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Cover Story: Next Comes Burning at the Stake

Is Ohio getting too tough on sex offenders?

By Margo Pierce · August 15th, 2007 · Cover Story
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  Burning At The Stake
Sean Hughes

Burning At The Stake

It's been 10 years since Ohio started registering sex offenders, notifying neighbors when they move nearby and putting their pictures on sheriffs' Web sites.

Has the program improved public safety? No one knows. The state has never studied the results of this relatively new and controversial approach to crime prevention.

But that hasn't stopped the Ohio General Assembly from passing a much tougher version of the law, requiring even more people to register as sex offenders -- and for longer periods.

The new law, which took effect July 1, won unanimous approval in the Ohio Senate. But there are serious questions about whether legislators even knew what the law would require. Passed under pressure from the federal government, the law creates a classification system so severe that some juveniles convicted of sexual misconduct could be branded as sex offenders for the rest of their lives.

But far from enhancing public safety, some policy analysts say, the new law could backfire -- making it harder for former offenders to stay out of trouble and making it more difficult for victims of sexual abuse to get help.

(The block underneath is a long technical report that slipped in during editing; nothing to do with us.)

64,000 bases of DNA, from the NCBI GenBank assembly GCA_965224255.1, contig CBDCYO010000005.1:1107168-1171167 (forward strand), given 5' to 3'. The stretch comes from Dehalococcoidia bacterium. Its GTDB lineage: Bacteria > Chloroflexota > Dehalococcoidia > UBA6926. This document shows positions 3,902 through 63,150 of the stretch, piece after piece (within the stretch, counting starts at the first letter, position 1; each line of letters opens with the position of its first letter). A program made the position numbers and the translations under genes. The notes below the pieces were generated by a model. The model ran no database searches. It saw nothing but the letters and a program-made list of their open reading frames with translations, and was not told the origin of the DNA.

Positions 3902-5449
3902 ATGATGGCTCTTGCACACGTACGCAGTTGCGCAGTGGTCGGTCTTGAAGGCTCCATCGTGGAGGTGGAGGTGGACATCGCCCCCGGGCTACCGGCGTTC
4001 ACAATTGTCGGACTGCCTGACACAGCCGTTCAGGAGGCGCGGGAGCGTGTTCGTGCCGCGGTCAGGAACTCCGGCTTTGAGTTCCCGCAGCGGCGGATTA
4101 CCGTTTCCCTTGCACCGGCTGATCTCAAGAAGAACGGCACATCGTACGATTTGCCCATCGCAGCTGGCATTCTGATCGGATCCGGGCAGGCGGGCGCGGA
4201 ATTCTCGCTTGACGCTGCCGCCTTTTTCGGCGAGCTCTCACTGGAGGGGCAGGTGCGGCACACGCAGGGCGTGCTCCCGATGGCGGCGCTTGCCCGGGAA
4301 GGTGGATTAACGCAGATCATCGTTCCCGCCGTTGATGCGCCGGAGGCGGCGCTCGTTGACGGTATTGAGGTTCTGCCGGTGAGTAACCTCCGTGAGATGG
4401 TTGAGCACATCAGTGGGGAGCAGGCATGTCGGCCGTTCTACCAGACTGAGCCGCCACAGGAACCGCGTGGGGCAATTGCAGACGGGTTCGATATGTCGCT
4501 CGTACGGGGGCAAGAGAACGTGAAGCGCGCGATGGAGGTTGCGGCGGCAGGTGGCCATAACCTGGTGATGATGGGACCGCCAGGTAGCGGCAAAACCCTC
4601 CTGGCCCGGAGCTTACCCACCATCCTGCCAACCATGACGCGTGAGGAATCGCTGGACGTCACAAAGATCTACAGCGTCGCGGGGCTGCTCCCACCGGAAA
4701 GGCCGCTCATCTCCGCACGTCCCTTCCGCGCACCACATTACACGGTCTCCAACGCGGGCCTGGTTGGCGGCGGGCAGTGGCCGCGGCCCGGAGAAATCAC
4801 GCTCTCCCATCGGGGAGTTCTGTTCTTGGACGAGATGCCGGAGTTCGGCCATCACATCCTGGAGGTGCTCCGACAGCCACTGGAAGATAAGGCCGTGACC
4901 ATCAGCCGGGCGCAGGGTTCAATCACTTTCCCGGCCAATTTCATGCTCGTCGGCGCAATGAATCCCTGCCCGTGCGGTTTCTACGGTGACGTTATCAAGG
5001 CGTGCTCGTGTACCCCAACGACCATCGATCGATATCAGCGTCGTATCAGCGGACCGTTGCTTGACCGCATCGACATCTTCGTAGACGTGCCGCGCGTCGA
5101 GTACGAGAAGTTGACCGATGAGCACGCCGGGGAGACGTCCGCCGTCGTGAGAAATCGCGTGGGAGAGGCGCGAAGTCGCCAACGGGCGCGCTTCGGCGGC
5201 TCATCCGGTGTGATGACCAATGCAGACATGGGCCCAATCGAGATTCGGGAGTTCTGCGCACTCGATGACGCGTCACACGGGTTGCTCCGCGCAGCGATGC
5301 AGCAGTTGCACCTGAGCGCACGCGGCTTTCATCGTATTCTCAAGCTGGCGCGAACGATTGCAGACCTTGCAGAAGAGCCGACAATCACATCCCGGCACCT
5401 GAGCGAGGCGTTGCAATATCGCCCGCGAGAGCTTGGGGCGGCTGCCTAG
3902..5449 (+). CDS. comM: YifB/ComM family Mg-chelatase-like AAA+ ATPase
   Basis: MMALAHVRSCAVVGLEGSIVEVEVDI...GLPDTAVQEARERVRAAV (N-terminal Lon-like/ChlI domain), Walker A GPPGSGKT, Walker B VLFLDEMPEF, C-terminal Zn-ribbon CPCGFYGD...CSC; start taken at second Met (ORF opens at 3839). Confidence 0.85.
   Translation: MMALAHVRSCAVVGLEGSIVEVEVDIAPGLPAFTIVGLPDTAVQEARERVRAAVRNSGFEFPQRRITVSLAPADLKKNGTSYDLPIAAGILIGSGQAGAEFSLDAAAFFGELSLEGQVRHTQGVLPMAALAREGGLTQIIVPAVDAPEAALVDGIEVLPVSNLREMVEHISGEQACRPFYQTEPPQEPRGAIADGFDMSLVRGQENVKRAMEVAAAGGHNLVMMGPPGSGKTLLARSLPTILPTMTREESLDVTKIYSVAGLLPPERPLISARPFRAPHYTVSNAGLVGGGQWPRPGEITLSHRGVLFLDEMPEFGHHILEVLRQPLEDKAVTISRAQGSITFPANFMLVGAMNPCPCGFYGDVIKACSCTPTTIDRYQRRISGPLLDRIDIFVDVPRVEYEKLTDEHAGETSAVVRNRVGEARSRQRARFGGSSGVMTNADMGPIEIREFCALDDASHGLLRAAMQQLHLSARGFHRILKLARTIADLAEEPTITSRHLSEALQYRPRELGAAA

How did the law make it so easily through the legislature? The first answer is politics.

"The climate right now is so punitive around what to do with people who commit sex offenses," says David Singleton, executive director of the Ohio Justice and Policy Center (www.ohiojpc.org). "Elected officials don't care that these new changes are going to impose incredible hardships on certain individuals. They don't care, frankly, that maybe these registries don't do any good any way ... because no one wants to come out and look like they're the friend of a sex offender.

"You've got plenty of people in the legislature in the state of Ohio who hold their noses and vote to approve these very punitive restrictions that we're seeing on sex offenders. They know that it's bad policy, but they do it any way because they can't take the political risk."

State Sen. Eric Kearney (D-Cincinnati), whose name appeared on S.B. 10 as a sponsor, didn't respond to repeated phone calls and e-mails requesting an interview.

There was a second reason legislators were motivated to pass the new law: Federal money was involved.

The law brings Ohio into compliance with the federal Adam Walsh Child Protection and Safety Act. While the federal government can't force states to enact laws, it can create financial "incentives" for states to adopt them. In this case the incentive was a 10 percent bonus in grants created by the Walsh Act if Ohio enacted the law by July 27. States that don't pass the law by 2009 will face a 10 percent cut in other federal grants.